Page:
Family Related Issues: Family and Medical Leave Act

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1. Explain if it matters that a parent literally had nothing to do with a biological child in order for the child to take advantage of the Family and Medical Leave Act (FMLA) to care for that parent.

It does not matter if a parent literally had nothing to do with a biological child in order for that child to take advantage of the Family and Medical Leave Act (FMLA) to care for their parent. According to the Act, an employee is entitled to leave “in order to care for the spouse, or a son, daughter, or parent, of the employee, if such spouse, son, daughter, or parent has a serious health condition” (Halbert, T. & Ingulli, E., 2010, p. 137). This being the case, it makes no difference if the parent had anything to do with the child requesting the leave; all that matters is that the child (employee) is entitled to the leave according to the Family and Medical Leave Act’s guidelines.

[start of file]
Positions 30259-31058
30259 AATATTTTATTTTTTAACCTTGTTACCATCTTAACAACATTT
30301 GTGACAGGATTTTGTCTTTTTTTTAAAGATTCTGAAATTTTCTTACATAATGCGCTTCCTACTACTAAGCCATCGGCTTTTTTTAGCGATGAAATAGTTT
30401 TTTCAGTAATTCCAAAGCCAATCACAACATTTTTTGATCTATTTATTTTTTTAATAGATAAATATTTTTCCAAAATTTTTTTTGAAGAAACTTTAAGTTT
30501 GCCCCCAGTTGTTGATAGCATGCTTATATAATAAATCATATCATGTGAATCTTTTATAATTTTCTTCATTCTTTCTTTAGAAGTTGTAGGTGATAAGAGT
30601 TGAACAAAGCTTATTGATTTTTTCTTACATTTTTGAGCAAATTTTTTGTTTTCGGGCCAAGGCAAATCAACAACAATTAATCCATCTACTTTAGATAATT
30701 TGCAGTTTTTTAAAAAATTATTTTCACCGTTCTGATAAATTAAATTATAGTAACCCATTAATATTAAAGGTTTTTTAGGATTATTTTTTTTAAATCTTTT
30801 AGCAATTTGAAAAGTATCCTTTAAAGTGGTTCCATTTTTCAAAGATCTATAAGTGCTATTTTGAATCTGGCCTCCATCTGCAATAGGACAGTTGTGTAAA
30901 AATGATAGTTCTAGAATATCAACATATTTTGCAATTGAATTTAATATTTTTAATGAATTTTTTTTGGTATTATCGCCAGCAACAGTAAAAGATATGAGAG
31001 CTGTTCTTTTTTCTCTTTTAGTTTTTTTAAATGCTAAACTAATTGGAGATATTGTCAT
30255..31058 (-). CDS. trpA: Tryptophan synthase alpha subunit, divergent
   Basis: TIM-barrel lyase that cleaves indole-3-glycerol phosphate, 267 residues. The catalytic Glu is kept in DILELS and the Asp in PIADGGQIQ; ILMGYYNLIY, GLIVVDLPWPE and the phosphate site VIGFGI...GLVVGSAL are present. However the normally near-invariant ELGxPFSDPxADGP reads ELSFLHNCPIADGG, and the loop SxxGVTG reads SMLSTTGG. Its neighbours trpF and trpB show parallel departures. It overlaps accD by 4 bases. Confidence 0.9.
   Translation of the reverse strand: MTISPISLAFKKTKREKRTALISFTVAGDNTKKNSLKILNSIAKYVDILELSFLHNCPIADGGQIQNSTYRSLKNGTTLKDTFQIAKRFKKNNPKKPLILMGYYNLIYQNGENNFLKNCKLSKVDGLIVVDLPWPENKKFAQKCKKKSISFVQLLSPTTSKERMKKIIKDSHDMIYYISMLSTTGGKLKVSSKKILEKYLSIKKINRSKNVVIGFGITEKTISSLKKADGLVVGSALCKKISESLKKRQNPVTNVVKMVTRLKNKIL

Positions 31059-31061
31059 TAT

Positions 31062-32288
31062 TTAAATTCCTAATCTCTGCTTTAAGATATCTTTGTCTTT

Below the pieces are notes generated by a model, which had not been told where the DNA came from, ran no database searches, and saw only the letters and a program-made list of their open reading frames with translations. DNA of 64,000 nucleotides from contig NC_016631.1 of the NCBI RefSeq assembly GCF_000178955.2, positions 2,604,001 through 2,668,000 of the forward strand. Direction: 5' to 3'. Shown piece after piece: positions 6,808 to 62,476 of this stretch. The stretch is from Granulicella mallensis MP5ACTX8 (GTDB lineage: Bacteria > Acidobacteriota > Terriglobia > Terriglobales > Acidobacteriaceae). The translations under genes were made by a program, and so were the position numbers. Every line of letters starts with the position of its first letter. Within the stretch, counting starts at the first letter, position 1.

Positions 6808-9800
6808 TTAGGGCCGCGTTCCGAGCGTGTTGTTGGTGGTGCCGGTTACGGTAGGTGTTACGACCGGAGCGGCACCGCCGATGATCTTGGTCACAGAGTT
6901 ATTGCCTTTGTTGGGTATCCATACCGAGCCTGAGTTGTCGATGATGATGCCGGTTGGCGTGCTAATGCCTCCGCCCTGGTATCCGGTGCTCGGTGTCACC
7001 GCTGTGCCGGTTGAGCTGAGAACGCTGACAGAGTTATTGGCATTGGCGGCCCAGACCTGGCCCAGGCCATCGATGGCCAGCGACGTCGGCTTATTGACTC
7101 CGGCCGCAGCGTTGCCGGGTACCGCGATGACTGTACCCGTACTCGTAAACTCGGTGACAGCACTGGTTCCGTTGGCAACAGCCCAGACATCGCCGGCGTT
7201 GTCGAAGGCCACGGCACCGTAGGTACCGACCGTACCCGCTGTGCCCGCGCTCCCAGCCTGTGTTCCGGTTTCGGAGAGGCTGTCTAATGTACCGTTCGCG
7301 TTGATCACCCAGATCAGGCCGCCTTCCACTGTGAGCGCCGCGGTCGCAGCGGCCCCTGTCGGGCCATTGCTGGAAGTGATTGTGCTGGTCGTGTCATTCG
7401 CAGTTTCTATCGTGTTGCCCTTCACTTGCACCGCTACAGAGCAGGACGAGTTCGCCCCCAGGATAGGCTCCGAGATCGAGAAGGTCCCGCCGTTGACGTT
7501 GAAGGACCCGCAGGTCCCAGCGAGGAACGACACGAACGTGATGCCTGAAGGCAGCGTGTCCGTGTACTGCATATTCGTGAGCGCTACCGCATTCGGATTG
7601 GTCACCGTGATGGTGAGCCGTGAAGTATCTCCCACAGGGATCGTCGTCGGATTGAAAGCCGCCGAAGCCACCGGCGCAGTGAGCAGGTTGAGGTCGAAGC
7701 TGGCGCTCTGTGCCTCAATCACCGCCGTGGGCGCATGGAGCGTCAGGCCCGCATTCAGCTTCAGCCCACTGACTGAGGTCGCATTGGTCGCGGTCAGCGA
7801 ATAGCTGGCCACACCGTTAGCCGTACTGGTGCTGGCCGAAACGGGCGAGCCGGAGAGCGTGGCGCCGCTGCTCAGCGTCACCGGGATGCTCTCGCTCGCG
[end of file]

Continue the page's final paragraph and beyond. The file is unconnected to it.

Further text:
Other sections of the law guarantees that an employee who returns from a leave of absence can come back to his or her position or one with equal benefits, pay, and employment conditions, and not stand the chance of being terminated as a result of the leave. It also ensured that the employee would not lose any of the benefits they had accrued prior to their leave, which includes their group health benefits as well. Employees would become eligible for at least 12 weeks of leave after they had worked a specified number of hours for the company during any 12-month period, working at least 1250 hours, not to exceed 26 weeks.

2. Explain whether the size of the business can have any effect on whether Tony is eligible for family leave under the FMLA.

Employees are eligible for FMLA when they are employed by a company who employs at least 50 or more employees within 75 miles. Tony pointed out in his conversation with Herman that the company had over 50 employees,…...

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